The Philippines and the Jewish people

I almost never go to the movies anymore because of the terrible four-letter-word content of most movies.

However, recently, with some girlfriends, I went to see the movie, “Quezon’s Game” and was truly amazed; it made me so grateful and proud to be a Filipino.

I admonish everyone to go see the movie and to be prepared to also be amazed at the unbelievable bravery, faith and strength of our First Philippine President Manuel Quezon.

There was so much love throughout the whole movie, that I literally became homesick gazing at familiar places of my youth.

President Quezon’s goal was to welcome 10,000 Jews to the Philippines. Since the Philippines were under U.S. rule, America told Quezon not to do it. So his hands were tied. But he persisted and challenged America along with thousands of Filipinos shouting in the streets.

In the end, America relented but only gave 1,200 Visas for the Jewish people instead of the 10,000 Quezon had wanted.

At that time, Quezon was already dying of tuberculosis; perhaps coupled with smoking too many cigars, but his dream came true a few years later when he stood at the Malacanang Presidential Palace, which was his home, with his wife and daughter as they welcomed 1,200 Jewish refugees who were doctors and scientists – the cream of the crop – welcoming them with open arms and much love.

The refugees didn’t live in camps, as U.S. President Roosevelt had assumed, for the refugees were given parcels of land on which to live in the Philippines.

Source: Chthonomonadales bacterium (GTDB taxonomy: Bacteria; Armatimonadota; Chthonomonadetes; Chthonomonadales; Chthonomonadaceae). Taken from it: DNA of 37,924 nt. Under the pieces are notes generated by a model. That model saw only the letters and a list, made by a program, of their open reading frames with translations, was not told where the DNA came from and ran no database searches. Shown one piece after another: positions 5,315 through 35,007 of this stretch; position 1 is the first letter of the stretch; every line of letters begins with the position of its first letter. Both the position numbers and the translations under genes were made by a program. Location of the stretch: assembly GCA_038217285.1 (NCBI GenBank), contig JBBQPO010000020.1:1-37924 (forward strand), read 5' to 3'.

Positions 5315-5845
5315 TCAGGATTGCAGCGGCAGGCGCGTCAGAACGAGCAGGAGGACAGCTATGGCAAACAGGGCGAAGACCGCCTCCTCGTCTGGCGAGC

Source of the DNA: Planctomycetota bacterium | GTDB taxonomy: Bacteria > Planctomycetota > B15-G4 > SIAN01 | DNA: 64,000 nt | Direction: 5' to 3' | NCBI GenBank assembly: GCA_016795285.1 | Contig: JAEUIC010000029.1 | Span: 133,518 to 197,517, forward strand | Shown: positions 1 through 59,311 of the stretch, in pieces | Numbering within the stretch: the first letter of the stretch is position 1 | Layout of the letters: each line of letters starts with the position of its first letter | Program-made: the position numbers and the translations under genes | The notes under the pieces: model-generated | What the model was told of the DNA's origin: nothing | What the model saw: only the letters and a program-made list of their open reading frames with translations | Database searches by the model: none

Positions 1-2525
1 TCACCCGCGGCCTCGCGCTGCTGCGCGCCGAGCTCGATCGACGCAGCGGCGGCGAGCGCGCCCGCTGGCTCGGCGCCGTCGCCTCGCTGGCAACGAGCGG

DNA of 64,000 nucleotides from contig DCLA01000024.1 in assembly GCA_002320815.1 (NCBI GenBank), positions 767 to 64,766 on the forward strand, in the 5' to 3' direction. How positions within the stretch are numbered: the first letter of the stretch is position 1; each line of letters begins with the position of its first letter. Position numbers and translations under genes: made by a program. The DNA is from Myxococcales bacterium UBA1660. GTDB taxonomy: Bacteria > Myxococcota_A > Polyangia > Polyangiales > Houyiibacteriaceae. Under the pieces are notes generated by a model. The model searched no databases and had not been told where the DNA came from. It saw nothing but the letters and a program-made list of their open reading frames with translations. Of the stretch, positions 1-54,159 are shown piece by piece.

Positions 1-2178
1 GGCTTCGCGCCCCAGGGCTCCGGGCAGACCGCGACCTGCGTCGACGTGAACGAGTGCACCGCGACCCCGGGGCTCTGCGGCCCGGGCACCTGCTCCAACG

Most of the refugees settled in one special city, “Quezon City,” named after the wonderful president. Quezon said, “What everybody won’t do, I will, because it’s the right thing to do.” He was one of a kind. The sad part is that right after he died, the Philippine Communist insurgents killed his wife and beautiful daughter for no reason other than to kill. What a waste.

This masterpiece of a movie was made in the Showbiz Capital of Manila. The script, music, costumes, songs, singers, dancers, musicians were all a sheer delight to watch as they performed flawlessly.

I was in awe at the musical talent of my countrymen and misty-eyed with pride and joy in my heart. Finally, the Filipinos have a stunning work of art to offer to the world. I hope and pray the movie wins an award sometime and somewhere and that, as my daughter Lesliann said, “We all will share the movie with the world from the irreplaceable voice of the Filipinos and the Genuine Ilocano’s (GI’s) born in Laoag (meaning light) – the Locos Norte Province in Northern Philippines – known the world over as “Marcos Country,” named for Former President of the Philippines.

God Bless Mabuhay (life) and the Filipinas; Long Live the Philippines.

Thank you from my heart.

1 Comment

  1. Gale, thank you for sharing about this movie. There are so many wonderful pieces of history that unite people from different cultures and religions.

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